My 11 year old and I went on a “date”.
Naturally, I paid, drove, parked, and all that, but we had a blast at STOMP.
This international sensation stems from century old street performing traditions in England.
My son could care less about all that.
In his own words, “I like to make noise and hit stuff”. So this show was the perfect bit of culture for him.
As a musician, this show was a thrill. I’ve always wanted to create a “toy band” of my own, using toy instruments to create some sort of child’s symphony, so the idea of taking every day items like lighters, brooms and trash cans to create a rhythmic tapestry of sounds and movement is pretty exciting to me.
But STOMP is also a marketing machine. They get it. And they market well.
The merchandising display features trash can lids that have been spray painted with pricing. VERY clever.
The performers are keen on audience interaction. They involve you from the very opening until the very closing of the performance – and even in the encore. Few shows engage the audience in such a personal way. And we all know that the personal touch makes us more endearing to our audience – whether we’re in a theater, doing a home party, or teaching at the head of the class.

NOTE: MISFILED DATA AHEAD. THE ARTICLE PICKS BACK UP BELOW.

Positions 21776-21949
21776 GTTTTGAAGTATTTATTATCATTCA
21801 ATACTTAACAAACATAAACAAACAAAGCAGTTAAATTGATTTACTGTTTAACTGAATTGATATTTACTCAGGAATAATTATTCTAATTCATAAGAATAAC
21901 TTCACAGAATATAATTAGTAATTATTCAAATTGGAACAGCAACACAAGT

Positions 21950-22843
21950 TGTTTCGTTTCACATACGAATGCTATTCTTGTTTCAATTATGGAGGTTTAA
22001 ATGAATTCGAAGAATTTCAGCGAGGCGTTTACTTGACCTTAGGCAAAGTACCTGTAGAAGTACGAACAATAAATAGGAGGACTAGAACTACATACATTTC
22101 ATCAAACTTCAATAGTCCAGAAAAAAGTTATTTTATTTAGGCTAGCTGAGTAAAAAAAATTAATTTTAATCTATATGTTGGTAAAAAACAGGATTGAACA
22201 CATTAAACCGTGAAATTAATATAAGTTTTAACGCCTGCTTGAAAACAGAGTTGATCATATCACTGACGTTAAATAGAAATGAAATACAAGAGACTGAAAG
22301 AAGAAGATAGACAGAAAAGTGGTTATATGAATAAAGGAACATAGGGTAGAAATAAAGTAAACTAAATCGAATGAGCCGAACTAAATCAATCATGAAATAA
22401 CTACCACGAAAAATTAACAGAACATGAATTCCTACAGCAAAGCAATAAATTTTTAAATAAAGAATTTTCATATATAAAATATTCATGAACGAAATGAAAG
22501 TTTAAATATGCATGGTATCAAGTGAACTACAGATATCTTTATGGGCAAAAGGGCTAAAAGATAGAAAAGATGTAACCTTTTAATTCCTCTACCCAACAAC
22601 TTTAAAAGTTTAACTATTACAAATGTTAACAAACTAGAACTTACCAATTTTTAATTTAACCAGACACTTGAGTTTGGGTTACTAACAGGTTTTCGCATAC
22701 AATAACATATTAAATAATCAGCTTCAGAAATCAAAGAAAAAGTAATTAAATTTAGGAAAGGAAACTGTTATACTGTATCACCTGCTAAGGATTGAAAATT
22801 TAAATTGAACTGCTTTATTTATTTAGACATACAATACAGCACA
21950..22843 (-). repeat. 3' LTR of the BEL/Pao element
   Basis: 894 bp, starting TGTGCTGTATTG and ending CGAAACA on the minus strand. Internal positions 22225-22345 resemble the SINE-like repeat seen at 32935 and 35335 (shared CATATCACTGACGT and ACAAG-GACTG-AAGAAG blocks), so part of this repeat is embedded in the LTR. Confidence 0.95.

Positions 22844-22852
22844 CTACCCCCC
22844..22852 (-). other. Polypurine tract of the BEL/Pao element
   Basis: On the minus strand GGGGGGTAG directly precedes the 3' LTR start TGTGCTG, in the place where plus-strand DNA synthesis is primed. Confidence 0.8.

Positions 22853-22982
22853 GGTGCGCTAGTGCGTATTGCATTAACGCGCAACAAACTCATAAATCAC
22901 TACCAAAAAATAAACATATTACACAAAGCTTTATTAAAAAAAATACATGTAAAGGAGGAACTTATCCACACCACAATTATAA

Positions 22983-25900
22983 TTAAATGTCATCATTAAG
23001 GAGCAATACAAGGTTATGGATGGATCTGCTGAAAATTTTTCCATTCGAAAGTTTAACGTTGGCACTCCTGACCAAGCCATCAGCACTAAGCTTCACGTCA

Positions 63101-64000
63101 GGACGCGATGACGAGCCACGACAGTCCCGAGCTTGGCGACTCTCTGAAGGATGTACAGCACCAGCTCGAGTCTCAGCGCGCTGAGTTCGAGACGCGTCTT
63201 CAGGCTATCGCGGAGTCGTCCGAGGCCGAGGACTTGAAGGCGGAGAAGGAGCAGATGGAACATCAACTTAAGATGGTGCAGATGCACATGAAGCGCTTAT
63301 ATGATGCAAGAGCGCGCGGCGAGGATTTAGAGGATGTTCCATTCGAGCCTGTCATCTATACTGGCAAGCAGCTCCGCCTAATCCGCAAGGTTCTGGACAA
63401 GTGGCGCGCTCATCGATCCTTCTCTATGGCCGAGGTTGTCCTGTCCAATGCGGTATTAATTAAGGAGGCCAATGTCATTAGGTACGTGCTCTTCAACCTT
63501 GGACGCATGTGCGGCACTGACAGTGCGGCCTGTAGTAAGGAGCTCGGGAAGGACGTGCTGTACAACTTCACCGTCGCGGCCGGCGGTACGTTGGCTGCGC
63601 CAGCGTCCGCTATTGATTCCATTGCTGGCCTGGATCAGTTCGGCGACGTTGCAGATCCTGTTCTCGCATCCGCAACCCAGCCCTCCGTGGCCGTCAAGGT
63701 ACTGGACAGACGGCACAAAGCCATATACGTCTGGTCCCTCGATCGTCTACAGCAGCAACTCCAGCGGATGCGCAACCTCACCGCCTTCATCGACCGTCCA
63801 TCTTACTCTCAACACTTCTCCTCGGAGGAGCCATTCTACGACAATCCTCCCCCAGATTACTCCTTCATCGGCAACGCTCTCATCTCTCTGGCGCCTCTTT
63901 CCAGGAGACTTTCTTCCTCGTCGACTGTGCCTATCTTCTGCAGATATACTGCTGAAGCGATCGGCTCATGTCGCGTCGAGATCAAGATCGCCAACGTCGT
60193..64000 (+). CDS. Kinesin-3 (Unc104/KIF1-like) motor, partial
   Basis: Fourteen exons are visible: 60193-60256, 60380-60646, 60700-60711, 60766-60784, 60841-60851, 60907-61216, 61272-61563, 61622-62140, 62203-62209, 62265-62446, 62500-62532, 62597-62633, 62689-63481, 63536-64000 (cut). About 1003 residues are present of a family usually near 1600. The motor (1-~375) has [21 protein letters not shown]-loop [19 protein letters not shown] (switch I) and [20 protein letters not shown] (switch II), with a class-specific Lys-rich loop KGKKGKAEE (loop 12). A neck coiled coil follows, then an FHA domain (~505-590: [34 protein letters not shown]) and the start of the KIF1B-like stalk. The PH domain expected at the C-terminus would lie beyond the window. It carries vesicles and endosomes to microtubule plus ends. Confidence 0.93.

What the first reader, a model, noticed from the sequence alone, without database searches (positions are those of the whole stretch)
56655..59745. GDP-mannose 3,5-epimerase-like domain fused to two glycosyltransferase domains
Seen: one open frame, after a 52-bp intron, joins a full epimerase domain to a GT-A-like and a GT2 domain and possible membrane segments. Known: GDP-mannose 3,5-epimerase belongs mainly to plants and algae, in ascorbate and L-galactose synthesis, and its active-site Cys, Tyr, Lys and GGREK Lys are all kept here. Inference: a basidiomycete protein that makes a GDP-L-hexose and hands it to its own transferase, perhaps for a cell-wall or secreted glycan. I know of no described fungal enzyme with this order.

And the best part? I was leery about shelling out my hard earned cash for a night out with an 11 year old that could have spelled disaster. Then when I arrived and saw there would be no intermission, I thought the performance was going to be even SHORTER and LESS worth my money.
I was wrong. When I left the theater, I was just another crazed fan of STOMP. I didn’t even flinch at the ticket price. I got my kid the best seats available for the show, and I had no qualms about plunking down the coin to get them. I knew they had earned every penny for that show each performer was on the stage at least 80% of the time, and all of them were working up a sweat jumping, slamming, thumping, snapping, clapping, and creating sounds with some of the most unlikely objects. My kid is STILL trying to figure out how they made all that noise without tap shoes.
I didn’t tell him they miked the floor.
Disbelief suspended, these performers were not just musicians or dancers, they were characters in my world. No dialogue to guide them, but a whole lot of entertaining sweat and old-fashioned work.
And I gladly paid for every minute of it.